Back with the supplies, Captain Bullet attempted to stem the flight with his fifty men. But the Highlanders were panic-stricken. Grant says, "Fear had then got the better of every other passion." After two-thirds of his men had fallen, Bullet abandoned the provisions -the horses had been already ridden off by some of the frightened Highlanders - and beat a retreat toward the Allegheny river, where he found. Grant with a handful of Highlanders. The French were soon on all sides of them, and several officers recognizing Grant, offered him quarter, which he accepted and was made prisoner. Bullet continued firing until a number of his men jumped into the river and attempted to swim across to the other side, where they were fired on and most of them drowned, when he also made his escape through a clump of trees.

     The English loss was two hundred and seventy-three




men. Along the road over which the main body fled, the dead and wounded lay scattered for several miles beyond the place where. Bullet had made his gallant stand. Grant offered no excuse for his conduct of the affair. On the contrary, he justified himself. In his captivity, on the day on which he was taken prisoner, he had his own advantage in mind more than the loss of so many of his men. He says in his report of the engagement, "I am willing to flatter myself that my being a prisoner will be no, detriment to my promotion, in case vacancies should happen in the army." French authorities place the loss on their side at the incredibly low number of nine killed and wounded.

     Emboldened by Grant's defeat, the French determined to take the offensive, and attack Colonel Boquet in his camp on Loyalhanna Creek before the arrival from Raystown of the forces under General Forbes. Boquet was attacked on October 12th, with great spirit, by a force estimated at twelve hundred French and two hundred Indians under command of DeVetri. The action lasted four hours, when the French withdrew with considerable loss. During the night they made 'a second attack, but a few shells thrown into their camp compelled them to retreat. In this engagement, Colonel Boquet lost sixty-seven men.

     At last, General Forbes considered everything to be in readiness for his own forward movement. Post had returned an& reported his success with the Indians on the Ohio; and Forbes felt confident that the conference between the eastern Indians and the provincial authorities at Easton would terminate in a treaty of peace and amity. The road was practically finished, the weather was cooler, and on October 24th, with the rear division of the army, he left Raystown for Loyalhanna Creek, where they arrived on November 1st. It was a week of torture to the suffering officer. His disease had been progressing and he was now carried on a litter over the rough road. Though emaciated and weak, his determined will kept his mind from his illness and on his task; in admiration of this power, the Indians in his force called him the "Iron Head."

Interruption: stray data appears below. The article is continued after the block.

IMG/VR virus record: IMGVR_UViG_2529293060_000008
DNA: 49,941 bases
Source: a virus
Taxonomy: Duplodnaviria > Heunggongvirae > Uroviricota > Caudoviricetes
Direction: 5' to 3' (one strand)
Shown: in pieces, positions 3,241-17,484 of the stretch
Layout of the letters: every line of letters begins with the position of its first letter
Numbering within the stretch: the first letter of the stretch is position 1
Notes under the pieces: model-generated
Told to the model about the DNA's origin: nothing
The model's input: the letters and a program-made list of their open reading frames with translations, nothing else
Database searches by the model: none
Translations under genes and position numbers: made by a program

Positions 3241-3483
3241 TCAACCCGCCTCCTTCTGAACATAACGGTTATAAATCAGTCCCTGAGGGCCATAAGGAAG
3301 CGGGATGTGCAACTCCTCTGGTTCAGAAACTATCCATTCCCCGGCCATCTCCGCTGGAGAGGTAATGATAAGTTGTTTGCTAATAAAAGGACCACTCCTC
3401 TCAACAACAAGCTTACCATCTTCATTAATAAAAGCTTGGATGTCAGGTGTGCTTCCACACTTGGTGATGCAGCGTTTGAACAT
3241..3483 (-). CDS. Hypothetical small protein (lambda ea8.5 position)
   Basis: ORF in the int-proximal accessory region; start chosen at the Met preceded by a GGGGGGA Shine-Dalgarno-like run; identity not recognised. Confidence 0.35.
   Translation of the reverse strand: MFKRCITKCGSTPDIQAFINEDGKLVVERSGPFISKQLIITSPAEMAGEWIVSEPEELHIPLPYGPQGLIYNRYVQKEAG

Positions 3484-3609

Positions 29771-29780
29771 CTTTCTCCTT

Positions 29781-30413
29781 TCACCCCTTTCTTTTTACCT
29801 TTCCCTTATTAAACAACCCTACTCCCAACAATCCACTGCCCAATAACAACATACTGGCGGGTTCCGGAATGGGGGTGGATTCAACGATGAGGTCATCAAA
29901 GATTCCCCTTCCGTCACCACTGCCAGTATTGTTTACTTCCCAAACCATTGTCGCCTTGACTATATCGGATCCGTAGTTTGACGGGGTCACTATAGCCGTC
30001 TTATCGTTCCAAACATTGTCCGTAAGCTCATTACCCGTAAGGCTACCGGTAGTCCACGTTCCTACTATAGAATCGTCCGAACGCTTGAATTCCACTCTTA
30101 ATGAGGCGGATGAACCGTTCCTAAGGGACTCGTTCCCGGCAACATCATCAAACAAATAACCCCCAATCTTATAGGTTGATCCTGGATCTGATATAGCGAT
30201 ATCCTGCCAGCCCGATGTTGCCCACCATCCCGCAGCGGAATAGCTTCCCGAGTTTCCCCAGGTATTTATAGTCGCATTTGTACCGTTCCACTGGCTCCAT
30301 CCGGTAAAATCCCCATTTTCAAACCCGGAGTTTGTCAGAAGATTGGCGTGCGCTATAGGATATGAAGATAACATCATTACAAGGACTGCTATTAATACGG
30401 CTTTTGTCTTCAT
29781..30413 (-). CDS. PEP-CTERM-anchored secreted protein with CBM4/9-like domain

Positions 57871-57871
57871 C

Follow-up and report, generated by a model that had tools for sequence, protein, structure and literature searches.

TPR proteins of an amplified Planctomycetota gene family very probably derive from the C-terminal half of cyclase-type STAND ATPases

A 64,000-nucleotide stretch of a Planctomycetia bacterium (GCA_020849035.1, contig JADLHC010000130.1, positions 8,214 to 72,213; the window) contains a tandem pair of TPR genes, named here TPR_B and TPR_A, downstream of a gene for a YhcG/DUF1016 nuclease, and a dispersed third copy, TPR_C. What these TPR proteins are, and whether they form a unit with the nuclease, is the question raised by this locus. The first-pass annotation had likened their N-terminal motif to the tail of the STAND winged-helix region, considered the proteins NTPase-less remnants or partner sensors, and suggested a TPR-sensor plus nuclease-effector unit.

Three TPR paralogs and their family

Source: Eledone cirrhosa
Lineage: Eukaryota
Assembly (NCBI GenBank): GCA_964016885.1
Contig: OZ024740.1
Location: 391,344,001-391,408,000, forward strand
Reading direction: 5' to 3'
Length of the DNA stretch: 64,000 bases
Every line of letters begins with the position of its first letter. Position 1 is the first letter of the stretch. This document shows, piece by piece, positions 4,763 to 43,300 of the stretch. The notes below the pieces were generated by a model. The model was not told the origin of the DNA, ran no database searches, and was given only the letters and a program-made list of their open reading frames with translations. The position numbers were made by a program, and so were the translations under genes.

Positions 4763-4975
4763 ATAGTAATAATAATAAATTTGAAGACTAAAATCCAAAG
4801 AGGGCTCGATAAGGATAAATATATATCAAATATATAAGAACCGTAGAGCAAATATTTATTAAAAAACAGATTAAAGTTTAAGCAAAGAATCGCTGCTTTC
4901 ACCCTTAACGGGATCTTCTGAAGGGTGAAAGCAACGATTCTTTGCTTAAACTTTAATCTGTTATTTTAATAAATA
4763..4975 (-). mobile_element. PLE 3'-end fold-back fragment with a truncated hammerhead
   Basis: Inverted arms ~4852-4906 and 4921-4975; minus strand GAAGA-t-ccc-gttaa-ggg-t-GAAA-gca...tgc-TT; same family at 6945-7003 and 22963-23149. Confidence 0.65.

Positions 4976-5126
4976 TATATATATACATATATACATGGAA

The weather turned cold and the mountains were white with snow; then the snow melted and the cold rains fell, and the new road over which the army struggled became deep with mud. The soldiers were still in their summer attire and complained bitterly; still colder weather was to be looked for soon. Some of the officers who had expected to be engaged only in a pleasant summer excursion, were anxious to get back to their homes, and in consequence saw




every danger and difficulty in magnified form. A council of, war was held and the impracticability of pursuing the campaign further before spring was warmly urged by these officers. Forbes, at whose bedside the council was being held, declined to listen to the arguments. Impatiently he waived the officers aside and announced that the army would proceed. Right quickly the timid ones were brought over to Forbes' side.

     Three Frenchmen who had been sent to watch the movements of the English army were taken prisoners, and from them it was learned that the militia from Louisiana and Illinois had left Fort Duquesne; that the Ottawas, Ojibways, Pottawattamies and Wyandots gathered there since the preceding July from the Great Lakes, believing that the English were entirely discomfited' by Grant's defeat, had returned to their distant homes, and that the utmost strength that DeLigneris could now muster did not exceed five hundred men; that there were no further provisions in the fort with which to sustain an army. Now, too, Post arrived at the camp, on his way to the Ohio Indians from Easton, with his report of the successful outcome of the conference, and his message of peace from the eastern to the western Indians. Forbes gave him another message in which he informed the Indians that he was advancing against the French at the head of a large army, and advised them to remain neutral and go back to their homes. Forbes' hopes of a successful issue of the campaign were higher than ever now ; he realized that the final hour had come. He saw his army marching in triumph into the French fortress.